In other words, Tim Ferriss understands the importance of setting the barrier low, so that you can easily surpass your own expectations (if you want to).
So, the first system that you create will obviously depend on the specific vision that you have for your life, career, relationships, or virtually anything else.
The most important thing to keep in mind is that you need to start small, keep your expectations low, and focus on taking specific actions.
Systems are dependent on you taking action rather than setting goals.
For example, here are some specific actions that you can use for creating your first system:
- Drink one green smoothie per day
- Do 15 push-ups every morning
- Play volleyball every Thursday night with friends
- Make small talk with at least one new person every day (can be anyone)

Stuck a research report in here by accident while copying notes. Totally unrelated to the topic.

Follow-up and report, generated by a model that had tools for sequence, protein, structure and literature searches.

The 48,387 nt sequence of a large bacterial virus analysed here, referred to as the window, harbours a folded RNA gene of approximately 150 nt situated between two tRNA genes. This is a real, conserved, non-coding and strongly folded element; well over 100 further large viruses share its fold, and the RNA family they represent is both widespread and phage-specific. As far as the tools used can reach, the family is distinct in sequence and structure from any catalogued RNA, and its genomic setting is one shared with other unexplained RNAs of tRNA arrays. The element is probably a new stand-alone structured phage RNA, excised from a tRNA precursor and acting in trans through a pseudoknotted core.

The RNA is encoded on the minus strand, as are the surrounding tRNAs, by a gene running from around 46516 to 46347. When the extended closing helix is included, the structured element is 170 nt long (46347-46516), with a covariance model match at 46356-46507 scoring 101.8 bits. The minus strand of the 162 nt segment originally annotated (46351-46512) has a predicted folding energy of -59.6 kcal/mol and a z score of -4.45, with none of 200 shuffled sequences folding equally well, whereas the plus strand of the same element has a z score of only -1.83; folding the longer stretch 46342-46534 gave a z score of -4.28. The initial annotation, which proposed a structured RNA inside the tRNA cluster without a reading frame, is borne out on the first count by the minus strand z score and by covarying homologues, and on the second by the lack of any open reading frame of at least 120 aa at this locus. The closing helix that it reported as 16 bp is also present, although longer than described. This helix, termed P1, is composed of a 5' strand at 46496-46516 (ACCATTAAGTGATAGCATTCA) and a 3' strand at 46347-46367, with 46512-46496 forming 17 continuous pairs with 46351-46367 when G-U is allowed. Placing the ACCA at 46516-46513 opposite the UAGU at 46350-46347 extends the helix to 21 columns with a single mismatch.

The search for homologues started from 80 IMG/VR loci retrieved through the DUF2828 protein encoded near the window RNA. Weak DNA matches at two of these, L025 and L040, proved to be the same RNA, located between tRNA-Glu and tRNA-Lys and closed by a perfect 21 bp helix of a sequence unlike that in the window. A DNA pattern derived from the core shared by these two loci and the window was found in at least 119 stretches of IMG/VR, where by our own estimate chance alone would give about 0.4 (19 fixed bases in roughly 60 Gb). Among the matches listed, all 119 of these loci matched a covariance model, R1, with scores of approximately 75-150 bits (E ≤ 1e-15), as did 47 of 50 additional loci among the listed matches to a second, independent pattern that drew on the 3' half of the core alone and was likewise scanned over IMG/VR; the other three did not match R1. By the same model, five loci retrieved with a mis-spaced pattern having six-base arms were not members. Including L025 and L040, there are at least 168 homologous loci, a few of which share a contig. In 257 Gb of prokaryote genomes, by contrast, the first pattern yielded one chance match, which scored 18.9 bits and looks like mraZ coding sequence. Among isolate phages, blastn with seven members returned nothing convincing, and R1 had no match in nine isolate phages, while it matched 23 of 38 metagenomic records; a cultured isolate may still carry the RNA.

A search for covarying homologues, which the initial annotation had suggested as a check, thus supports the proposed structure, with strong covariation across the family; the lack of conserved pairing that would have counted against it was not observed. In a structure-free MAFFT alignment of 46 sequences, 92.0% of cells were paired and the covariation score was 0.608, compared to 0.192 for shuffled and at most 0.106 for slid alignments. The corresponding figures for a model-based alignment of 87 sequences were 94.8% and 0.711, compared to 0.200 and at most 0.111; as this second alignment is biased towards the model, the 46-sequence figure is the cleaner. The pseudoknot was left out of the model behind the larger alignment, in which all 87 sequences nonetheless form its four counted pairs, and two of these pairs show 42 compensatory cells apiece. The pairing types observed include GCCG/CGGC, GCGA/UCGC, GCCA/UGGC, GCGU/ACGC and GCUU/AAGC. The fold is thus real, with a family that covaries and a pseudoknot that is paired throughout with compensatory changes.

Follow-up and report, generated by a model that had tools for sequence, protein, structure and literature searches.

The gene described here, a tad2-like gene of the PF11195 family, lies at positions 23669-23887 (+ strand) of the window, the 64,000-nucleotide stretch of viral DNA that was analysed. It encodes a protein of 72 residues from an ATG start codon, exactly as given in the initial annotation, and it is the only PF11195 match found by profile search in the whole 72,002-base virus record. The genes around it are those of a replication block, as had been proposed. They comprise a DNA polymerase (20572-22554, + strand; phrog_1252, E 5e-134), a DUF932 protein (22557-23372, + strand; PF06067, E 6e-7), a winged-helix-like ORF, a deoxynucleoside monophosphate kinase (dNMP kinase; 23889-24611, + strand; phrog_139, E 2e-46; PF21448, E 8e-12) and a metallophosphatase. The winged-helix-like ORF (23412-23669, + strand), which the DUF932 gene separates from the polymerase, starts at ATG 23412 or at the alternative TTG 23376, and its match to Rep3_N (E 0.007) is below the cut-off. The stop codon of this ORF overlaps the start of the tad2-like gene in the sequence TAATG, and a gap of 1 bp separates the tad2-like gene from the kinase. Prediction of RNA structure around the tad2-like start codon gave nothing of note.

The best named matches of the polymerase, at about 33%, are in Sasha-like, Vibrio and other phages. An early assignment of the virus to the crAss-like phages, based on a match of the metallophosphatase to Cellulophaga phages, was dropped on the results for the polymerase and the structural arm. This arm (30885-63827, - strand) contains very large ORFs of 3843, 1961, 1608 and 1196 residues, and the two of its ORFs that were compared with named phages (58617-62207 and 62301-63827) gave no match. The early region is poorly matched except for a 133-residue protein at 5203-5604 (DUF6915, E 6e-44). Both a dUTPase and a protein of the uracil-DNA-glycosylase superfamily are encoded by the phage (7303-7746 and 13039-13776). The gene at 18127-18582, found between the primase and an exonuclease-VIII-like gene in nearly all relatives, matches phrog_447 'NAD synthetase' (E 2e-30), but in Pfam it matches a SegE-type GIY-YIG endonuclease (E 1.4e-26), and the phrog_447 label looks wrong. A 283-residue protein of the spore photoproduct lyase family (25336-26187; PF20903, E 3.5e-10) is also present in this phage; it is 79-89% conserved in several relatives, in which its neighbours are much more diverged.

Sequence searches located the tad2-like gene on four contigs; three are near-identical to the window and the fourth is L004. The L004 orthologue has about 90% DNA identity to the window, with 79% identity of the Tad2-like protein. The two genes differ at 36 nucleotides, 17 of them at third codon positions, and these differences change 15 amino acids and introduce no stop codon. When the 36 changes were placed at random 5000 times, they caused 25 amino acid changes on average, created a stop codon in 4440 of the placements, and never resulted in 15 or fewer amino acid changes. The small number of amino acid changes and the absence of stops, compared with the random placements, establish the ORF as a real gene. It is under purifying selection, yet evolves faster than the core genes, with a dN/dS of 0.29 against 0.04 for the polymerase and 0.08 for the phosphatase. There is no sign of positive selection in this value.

- Read 15 pages of a book every night before going to bed
- Go out for drinks every Saturday night
If you follow this example system for just one month, you’ll probably become healthier, more socially active, and well-read.
But, the real magic happens when you create your own system, and continually tweak it until you’re able to “design” the lifestyle that you want to live.
Building a system and continuously refining your system is one of the most powerful actions that people with ADHD can focus on.
I first learned about building systems in the book How to Fail at Almost Everything and Still Win Big (Amazon).
This book, which is written by Scott Adams, is one of the greatest “life success” books that I tell everyone with ADHD to read. Regardless of your age, experience, or current station in life.
It provides a complete breakdown of why you should build systems for your life, and how to build systems.
The book also provides some amazing insights about building complementary skills (“talent stacks”), improving your odds of success, working a great career, and so much more.
After reading the book, you’ll probably come to realize that your life is a series of systems.
Everyone has systems.
But, you can become conscious of the systems that perpetuate your life. And, you can “tweak” your systems until you’re able to live the kind of life that you dream about.